I could go on and on and on.  I was a fan of SN before Beer Camp, but I now hold them in the absolute highest regard.  This trip was the ultimate prize for a homebrewer, and I would love see others get the chance to experience Beer Camp.  So get brewing and entering competitions!!!

Thanks to fellow camper Tom Ocque for the pictures (mine are on my computer that is in storage)!  His full album is here (including many shots of a handsome looking fellow wearing an ALES t-shirt).  http://web.me.com/tommyok/Sierra_Nevada_Beer_Camp_14/Beer_Camp.html

Visit to Wyeast Labs

by Rick August & Shelley Whitehead

On a recent trip, we stopped to visit Wyeast Laboratories Inc., distributors of liquid brewers yeast for the home and professional brewing market. Wyeast occupies a very low-key facility in a small town a few kilometers from Hood River, Oregon. Wyeast has been in business for twenty-four years. The laboratory’s name is taken from the Multnomah language name for what is currently known as Mount Hood.

We spoke at some length with customer service manager Brian Perkey. Brian has been with Wyeast for two years, following a fifteen year career in the brewing industry in Portland, in California, and with Hood River’s Full Sail Brewing.

As home brewers will know, Wyeast Labs packages its yeast in soft packs that naturally require refrigeration in transit. Despite the very perishable nature of the product, the business is proud of its track record of successful deliveries to professionals and home brewers in destinations as far afield as western Australia, Brazil, South Africa, Norway and Italy.

Wyeast maintains a yeast bank of some 300 pure yeast strains, some of which are strains owned by the laboratory, while others are owned by brewing companies and managed under contract. At any given time about 40 strains or blends are available for distribution to home or professional brewers.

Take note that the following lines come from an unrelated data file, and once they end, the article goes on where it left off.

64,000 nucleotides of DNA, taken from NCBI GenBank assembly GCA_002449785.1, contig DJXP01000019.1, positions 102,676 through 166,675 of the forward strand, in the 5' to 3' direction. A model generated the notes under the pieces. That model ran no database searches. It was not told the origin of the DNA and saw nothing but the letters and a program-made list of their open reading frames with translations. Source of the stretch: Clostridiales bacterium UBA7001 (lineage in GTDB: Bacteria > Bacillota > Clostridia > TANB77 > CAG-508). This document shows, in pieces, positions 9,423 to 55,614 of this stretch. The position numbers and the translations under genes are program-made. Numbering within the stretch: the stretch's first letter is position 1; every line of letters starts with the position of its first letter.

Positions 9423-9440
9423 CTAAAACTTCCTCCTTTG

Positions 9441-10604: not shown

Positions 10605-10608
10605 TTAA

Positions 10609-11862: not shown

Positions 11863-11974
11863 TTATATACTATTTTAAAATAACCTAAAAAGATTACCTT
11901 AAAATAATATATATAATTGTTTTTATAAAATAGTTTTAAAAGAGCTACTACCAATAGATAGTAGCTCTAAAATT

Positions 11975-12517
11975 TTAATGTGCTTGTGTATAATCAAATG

Many of the in-house yeast strains were gifted to the company by professional brewers willing to share their sugar-eating treasures with the brewing world at large. In other cases, yeast owners have licensed their strain to Wyeast, as, for example, with the Pac-Man strain, distributed under a royalty agreement with owner Rogue Breweries of Newport, Oregon.

In some cases, the company’s capacity to isolate pure strains has allowed it to recover contaminated or degraded samples – a recent example was the isolation a 120 year-old heritage strain from Hawaii from a three-year old sample.

The yeast propagation process results in the company producing, in effect, many small scale batches of beer. Packaging of yeast slurries is done on site. Wyeast has a total of 19 employees in management, production and distribution.

Finding Beer in Pittsburgh

By Joel Rathgaber

Last June, I traveled to Pittsburgh Pennsylvania for a conference and naturally scoped out as much good beer as I could in the area.  I was staying at Carnegie Mellon University, in an area of Pittsburgh called Oakland.  With CMU and University of Pittsburgh both situated in the area, I figured there must be somewhere to get good beer nearby.  Although craft beer was not as available as I had hoped, I did manage to find a couple spots.